lambert strether
lambert strether

Nice post. In 2008, Obama could run on his resume. Amazingly enough. In 2012, Obama has to run on his record. That means the racist card is the only card his supporters have to play. So they play it. Can't blame them, really.

Montanamaven
Montanamaven

New to this site and appreciate the view. Been struggling with why to pay attention at all to electoral politics. Paul has at least made so called liberals pick their priorities. And they don 't seem to include stopping women and children from being blown to bits or starved or imprisoned or left out on the street sick and hungry. Occupy the "Nation" maybe? I dropped me subscription long ago.

Yvette
Yvette

I agree with much of your assessment. Funny thing is, the newsletters were addressed in the 2008 campaign. It is regrettable that Ron Paul didn't do a better job of handling the issue, but honestly, those newsletters have been readily available for quite some time. Ron Paul addressed the controversy during the previous presidential election cycle, so to me, it's a bit unfair for folks to rehash it as if it's some kind of breaking story. If you believe, based upon the newsletters, that Paul is a racist, then don't vote for him. But don't waste America's time looping 20 year old newsletters when our President just signed an indefinite detention bill. As usual, the press has been unfair to Paul. Obama has been condescending to the black electorate and, thus far, we haven't proven that we desire better leadership. It seems that the more he patronizes us, the more we run to his rescue.Obama's a hollow guy with only his self interest in the forefront, and yet, we exalt him. When you really reflect on it, it's quite sad.

Monica
Monica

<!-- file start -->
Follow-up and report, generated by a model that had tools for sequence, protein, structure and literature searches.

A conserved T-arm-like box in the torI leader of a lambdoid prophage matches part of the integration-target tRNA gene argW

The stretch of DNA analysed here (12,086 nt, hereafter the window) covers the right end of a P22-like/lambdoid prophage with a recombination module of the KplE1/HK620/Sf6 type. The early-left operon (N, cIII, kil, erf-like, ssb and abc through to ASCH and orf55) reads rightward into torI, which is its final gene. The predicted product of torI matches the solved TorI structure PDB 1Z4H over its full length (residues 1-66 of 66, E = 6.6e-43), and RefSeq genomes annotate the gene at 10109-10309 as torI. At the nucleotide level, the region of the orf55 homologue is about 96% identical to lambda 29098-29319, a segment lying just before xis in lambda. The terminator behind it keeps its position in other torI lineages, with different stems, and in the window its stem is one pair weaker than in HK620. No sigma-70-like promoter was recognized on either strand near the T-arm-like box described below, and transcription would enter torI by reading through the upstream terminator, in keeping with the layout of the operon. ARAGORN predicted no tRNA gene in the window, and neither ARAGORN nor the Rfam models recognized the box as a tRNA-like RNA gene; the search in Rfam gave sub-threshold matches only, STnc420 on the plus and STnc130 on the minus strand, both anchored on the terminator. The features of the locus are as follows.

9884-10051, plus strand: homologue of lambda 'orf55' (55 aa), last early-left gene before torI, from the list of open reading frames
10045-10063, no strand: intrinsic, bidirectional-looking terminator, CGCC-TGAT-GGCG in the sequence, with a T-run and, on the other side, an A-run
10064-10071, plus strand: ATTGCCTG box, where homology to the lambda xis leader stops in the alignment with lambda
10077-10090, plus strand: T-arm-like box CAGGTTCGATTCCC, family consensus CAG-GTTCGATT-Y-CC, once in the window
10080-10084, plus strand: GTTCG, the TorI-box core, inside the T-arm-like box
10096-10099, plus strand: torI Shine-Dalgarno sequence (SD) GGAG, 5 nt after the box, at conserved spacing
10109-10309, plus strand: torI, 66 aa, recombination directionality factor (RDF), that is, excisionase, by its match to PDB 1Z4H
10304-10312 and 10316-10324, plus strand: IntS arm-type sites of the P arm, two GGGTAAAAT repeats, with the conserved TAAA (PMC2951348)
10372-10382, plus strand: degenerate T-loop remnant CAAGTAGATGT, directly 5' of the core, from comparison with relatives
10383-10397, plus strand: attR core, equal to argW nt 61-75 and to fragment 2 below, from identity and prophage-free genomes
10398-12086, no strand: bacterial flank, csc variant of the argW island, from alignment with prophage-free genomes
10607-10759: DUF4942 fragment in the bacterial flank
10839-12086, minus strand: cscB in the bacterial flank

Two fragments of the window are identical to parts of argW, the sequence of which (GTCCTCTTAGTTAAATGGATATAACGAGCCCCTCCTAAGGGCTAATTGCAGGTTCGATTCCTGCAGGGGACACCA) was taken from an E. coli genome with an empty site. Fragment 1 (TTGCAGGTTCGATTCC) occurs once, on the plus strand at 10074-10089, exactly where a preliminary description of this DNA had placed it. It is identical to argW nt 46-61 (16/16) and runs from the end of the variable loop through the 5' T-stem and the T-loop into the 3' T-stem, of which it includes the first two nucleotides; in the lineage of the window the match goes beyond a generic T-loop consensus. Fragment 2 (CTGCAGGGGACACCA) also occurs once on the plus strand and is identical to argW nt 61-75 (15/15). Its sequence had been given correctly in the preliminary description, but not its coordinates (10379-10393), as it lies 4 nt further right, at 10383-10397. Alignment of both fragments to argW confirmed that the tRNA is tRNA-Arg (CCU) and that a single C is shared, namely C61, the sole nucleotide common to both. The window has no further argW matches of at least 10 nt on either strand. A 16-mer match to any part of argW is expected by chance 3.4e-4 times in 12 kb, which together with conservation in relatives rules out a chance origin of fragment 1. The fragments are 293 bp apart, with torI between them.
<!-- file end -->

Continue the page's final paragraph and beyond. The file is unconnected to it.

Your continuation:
Thank you for writing this. I don't like Paul's racist newsletters, but in the whole scheme of things I don't think that they are important. Bush and Obama have done so much to destroy the educational system, economy, civil liberties and US standing in the world that a candidate hurling racial epithets in the past is not a deal breaker for me. I find it interesting that for as long as Paul has been politically active, no one in the mainstream media has ever addressed these newsletters. Could this mean that his message and followers have the establishment shaking in their boots? I believe that political consultants realized that in the wake of the Occupy movement, disenchanted Americans of all strips are coalescing into a force and the last thing that corporate interests and the political duopoly would want is an outsider like Paul tapping into that power. Hence, the "shocking" revelations of blatant racism and the ongoing commentary on the mental stability of Paul. Finally, I truly believe in my heart that Obama and his Ivy-League minions think that most black people are stupid. He thinks that we are either to busy with work and life to read and think about his policies or we are preoccupied with the life of Beyonce and Jay-Z or Nene or the cast of Love and Hip-Hop. He truly thinks that someone calling us "nigger" will stop us in our tracks and take attention off of his ineptitude. Apparently, in some situations he's on the money. The word nigger (not nigga, interestingly) does make some of us forget our common sense. When I look at Paul's record, I see that he puts it on the line and votes his convictions. I don't think Obama believes in anything but being elected and re-elected and that is more troubling to me than anyone calling me out my name.